He who did not spare His own Son, but delivered Him up for us all, how will He not also freely give us all things?
In a demonstration of Calvary in the Old Testament,
Abraham, likewise, did not spare his only son, but
delivered him up, and in way, received him back
from the dead: “He [Abraham] considered that God
is able to raise people even from the dead, from
which he also received him [Isaac] back as a type.”
Just as Isaac was Abraham’s greatest possession,
so too was Jesus, God’s greatest possession, if you
will, whom God also received back from the dead.
The point is that there is a comparison being made
between the greatest thing, Jesus, and everything else.
Having demonstrated God’s love for the world by
giving it His Son (John 3:16), surely God will give
sufficient enabling grace to believe in Him.
Question: What is God’s greatest gift? His Son or Irresistible Grace?
John Calvin: “Paul therefore draws his argument from the greater to the less--since He had nothing dearer, more precious, or more excellent than His Son, He will neglect nothing which He foresees will be profitable to us.” (Calvin’s New Testament Commentaries: Romans and Thessalonians, p.184, emphasis mine)
This is a good quote. If God the Father gave us the greatest gift that He could ever give, namely His only begotten Son, Jesus Christ, how much more likely is He to give us to infinitely lesser things?
Calvinist, George Whitefield: “Indeed, honoured Sir, it is plain beyond all contradiction that St. Paul, through the whole of Romans 8, is speaking of the privileges of those only who are really in Christ. And let any unprejudiced person read what goes before and what follows your text, and he must confess the word ‘all’ only signifies those that are in Christ. And the latter part of the text plainly proves, what, I find, dear Mr. Wesley will, by no means, grant. I mean the final perseverance of the children of God: ‘He that spared not his own Son, but delivered him up for us all, [i.e., all Saints] how shall he not with him also freely give us all things?’ (Rom. 8:32). [He shall give us] grace, in particular, to enable us to persevere, and every thing else necessary to carry us home to our Father’s heavenly kingdom.” (A Letter from George Whitefield to the Rev. Mr. John Wesley, emphasis mine)
Whitefield’s argument suffers from the commonly held Calvinist hermeneutic rule that if a person is speaking to group-X, he cannot make any statement that might have a wider application that extends throughout Groups A-Z.
I agree that the context deals with those that are in Christ, but you cannot automatically infer that any unqualified universal term, such as “all,” can be reduced to only the audience at hand, since there may be a broader implication as well. A perfect example is Romans 3:23. Do we wish to say that only the Saints have sinned and fallen short of the glory of God, since the audience at hand are the Saints?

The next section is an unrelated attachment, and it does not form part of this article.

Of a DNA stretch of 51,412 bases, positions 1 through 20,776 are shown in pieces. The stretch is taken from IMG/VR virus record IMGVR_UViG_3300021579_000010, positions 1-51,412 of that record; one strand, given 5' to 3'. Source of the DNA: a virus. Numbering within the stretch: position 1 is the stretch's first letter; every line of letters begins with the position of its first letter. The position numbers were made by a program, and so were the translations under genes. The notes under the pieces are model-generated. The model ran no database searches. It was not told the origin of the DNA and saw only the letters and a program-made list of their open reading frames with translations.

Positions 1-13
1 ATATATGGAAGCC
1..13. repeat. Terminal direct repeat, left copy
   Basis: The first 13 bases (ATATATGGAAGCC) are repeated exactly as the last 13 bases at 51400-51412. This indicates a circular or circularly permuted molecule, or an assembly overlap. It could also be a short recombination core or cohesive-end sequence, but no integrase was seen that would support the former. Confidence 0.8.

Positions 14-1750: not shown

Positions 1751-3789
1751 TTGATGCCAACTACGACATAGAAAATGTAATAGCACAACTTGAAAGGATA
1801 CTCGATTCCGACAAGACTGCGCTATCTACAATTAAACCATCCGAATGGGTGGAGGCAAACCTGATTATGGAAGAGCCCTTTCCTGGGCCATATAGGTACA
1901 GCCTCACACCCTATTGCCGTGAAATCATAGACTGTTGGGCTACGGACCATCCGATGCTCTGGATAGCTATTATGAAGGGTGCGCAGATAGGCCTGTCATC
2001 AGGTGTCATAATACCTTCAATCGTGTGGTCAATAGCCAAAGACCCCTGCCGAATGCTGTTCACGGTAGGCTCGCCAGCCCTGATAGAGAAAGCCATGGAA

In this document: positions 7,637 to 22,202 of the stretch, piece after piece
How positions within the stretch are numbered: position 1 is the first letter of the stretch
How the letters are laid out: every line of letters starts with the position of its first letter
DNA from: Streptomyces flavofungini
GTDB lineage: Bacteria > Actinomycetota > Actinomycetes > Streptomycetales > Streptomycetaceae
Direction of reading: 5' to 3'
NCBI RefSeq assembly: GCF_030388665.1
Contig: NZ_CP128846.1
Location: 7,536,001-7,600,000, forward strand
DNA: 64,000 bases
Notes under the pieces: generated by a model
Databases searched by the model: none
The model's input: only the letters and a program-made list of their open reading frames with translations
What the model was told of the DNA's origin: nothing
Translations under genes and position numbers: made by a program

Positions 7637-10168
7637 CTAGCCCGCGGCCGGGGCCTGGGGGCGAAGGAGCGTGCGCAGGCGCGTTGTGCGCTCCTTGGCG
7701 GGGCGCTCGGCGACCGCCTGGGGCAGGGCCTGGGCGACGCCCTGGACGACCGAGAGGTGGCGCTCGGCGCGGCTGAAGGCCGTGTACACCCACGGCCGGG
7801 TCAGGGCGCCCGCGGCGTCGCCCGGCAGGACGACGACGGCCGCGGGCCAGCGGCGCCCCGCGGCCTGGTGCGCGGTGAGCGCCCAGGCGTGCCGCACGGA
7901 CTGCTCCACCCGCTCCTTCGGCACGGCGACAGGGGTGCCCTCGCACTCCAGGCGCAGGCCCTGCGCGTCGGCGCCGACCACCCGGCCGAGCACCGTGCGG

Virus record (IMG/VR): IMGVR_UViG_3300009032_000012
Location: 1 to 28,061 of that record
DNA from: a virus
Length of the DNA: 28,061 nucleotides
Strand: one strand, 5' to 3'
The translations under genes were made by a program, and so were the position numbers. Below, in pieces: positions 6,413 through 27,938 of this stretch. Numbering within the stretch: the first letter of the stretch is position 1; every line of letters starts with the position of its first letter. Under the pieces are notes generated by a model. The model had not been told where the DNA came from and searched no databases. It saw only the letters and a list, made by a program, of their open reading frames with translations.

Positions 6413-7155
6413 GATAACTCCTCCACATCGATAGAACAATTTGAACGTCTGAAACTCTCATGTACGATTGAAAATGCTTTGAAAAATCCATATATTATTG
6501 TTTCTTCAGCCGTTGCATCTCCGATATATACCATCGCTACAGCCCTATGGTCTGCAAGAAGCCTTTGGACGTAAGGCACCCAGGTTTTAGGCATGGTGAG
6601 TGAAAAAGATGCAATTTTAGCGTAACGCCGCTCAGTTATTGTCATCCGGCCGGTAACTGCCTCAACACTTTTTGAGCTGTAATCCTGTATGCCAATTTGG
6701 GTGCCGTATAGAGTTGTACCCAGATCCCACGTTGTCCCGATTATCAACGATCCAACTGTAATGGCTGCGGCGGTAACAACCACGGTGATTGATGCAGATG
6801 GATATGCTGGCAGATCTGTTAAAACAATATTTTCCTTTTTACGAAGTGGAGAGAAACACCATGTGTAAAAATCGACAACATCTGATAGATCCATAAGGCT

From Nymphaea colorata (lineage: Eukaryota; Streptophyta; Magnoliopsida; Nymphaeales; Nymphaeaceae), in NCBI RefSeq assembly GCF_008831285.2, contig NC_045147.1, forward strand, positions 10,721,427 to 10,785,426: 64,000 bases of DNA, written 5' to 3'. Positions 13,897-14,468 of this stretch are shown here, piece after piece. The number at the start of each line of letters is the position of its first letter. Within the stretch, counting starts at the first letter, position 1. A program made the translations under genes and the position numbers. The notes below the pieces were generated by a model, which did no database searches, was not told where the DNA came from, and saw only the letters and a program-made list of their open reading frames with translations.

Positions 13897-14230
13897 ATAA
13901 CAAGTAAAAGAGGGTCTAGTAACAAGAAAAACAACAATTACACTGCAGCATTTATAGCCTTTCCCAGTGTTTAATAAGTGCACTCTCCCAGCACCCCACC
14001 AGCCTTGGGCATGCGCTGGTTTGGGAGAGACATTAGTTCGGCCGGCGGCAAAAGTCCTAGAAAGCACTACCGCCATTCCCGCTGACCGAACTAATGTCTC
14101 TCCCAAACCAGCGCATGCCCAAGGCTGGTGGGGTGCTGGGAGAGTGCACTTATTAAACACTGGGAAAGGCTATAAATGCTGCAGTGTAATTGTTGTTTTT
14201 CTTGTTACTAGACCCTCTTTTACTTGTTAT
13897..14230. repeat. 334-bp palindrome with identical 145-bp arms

Romans 3:21-25: “But now apart from the Law the righteousness of God has been manifested, being witnessed by the Law and the Prophets, even the righteousness of God through faith in Jesus Christ for all those who believe; for there is no distinction; for all have sinned and fall short of the glory of God, being justified as a gift by His grace through the redemption which is in Christ Jesus; whom God displayed publicly as a propitiation in His blood through faith.”
Consider 1st John 2:2. The Apostle John stated “And He Himself is the propitiation for our sins....” By itself, that is still a perfectly true statement, but if you follow the rigid hermeneutic rule of the Calvinist, then we would be forced to conclude that Jesus was the propitiation for only those to whom John was immediately speaking, and yet John goes on to say in the verse: “...and not for ours only, but also for those of the whole world.” With that in mind, reconsider Romans 8:32: “He who did not spare His own Son, but delivered Him up for us all, how will He not also freely give us all things?” Sure, the passage speaks of those who are in Christ, namely, the Group-X in my example, but if the “all” in this verse does not have a wider application that extends to Groups A-Z, then the use of “all” is both irresponsible and misleading, and I do not believe that the Holy Spirit is either of those things.
Calvinist, James White: “And for whom did He do this? The text is clear, ‘for us all.’ The ‘us’ is limited by the context. In the very next phrase we see the same word, ‘us’: ‘How will He not also with Him freely give us all things?’ Have ‘all things’ been given to the reprobate sinners who are even now undergoing the wrath of God? Has Christ been given over for them? Surely not. The Father freely gives ‘all things’ to His people, and the ‘all things’ encompass the ‘spiritual blessings in heavenly places’ of which he speaks in Ephesians 1:3. Christ was given over in place of God’s elect people, and His substitution atonement shows the fullness of the love of God the Father and His commitment to the redemption of His people.” (Debating Calvinism, pp.149-150, emphasis mine)
God’s offer of salvation only applies to the living, so we can set this argument aside. Even Calvinists would have to admit that God’s “Common Grace” no longer applies to those who are cut off in Hell. The question is whether or not, sufficient grace is available to all, if the atonement of Christ is available to all. It seems that the principle of Romans 8:32 is that if God is willing to give His Son, then surely He will not be unwilling to spare something infinitely less, such as the sufficient grace to receive Him. It must also be pointed out, that not every makes right use of God’s sufficient grace, evidenced at Isaiah 65:2.